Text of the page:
Comparing the Happiness Effects of Real and On-line Friends
A recent large Canadian survey permits us to compare real-time and on-line social networks as sources of subjective well-being. The sample of 5,000 is drawn randomly from an on-line pool of respondents, a group well placed to have and value on-line friendships. We find three key results. First, the number of real-life friends is positively correlated with subjective well-being (SWB) even after controlling for income, demographic variables and personality differences. Doubling the number of friends in real life has an equivalent effect on well-being as a 50% increase in income. Second, the size of online networks is largely uncorrelated with subjective well-being. Third, we find that real-life friends are much more important for people who are single, divorced, separated or widowed than they are for people who are married or living with a partner. Findings from large international surveys (the European Social Surveys 2002-2008) are used to confirm the importance of real-life social networks to SWB; they also indicate a significantly smaller value of social networks to married or partnered couples.
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|Date of creation:||Jan 2013|
|Date of revision:|
|Publication status:||published as Comparing the Happiness Effects of Real and On-Line Friends John F. Helliwell , Haifang Huang PLOS Published: September 3, 2013 DOI: 10.1371/journal.pone.0072754|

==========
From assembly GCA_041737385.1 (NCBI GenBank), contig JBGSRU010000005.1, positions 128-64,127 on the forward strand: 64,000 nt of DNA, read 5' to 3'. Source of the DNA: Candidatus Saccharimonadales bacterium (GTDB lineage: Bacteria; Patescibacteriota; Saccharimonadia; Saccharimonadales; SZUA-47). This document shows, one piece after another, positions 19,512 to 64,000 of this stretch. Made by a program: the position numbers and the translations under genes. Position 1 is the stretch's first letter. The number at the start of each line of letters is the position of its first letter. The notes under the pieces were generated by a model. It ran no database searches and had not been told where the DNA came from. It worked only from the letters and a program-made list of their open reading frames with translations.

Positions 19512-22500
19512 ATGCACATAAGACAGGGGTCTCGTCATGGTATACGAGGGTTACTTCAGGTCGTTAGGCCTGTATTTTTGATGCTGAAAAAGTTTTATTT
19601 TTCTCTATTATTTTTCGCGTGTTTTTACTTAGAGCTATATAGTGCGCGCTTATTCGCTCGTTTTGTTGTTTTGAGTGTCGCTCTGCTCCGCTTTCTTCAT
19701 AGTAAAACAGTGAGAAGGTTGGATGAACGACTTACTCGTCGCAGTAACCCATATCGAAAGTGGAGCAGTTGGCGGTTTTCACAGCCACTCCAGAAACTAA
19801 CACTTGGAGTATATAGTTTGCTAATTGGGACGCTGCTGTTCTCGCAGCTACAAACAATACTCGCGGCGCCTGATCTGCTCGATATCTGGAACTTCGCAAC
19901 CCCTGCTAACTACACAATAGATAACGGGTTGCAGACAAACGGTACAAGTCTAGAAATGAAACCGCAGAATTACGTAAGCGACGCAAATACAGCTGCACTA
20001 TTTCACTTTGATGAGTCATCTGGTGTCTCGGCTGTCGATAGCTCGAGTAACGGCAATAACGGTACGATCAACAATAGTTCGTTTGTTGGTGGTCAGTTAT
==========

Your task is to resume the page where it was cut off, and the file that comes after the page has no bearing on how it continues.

|Contact details of provider:|| Postal: National Bureau of Economic Research, 1050 Massachusetts Avenue Cambridge, MA 02138, U.S.A.|
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- Ada Ferrer-i-Carbonell & Paul Frijters, 2004.
"How Important is Methodology for the estimates of the determinants of Happiness?,"
Royal Economic Society, vol. 114(497), pages 641-659, 07.
- Ada Ferrer-i-Carbonell & Paul Frijters, 2002. "How important is Methodology for the Estimates of the Determinants of Happiness?," Tinbergen Institute Discussion Papers 02-024/3, Tinbergen Institute.
- Mariska Horst & Hilde Coffé, 2012. "How Friendship Network Characteristics Influence Subjective Well-Being," Social Indicators Research, Springer, vol. 107(3), pages 509-529, July.
- John F. Helliwell & Christopher P. Barrington-Leigh & Anthony Harris & Haifang Huang, 2009. "International Evidence on the Social Context of Well-Being," NBER Working Papers 14720, National Bureau of Economic Research, Inc.
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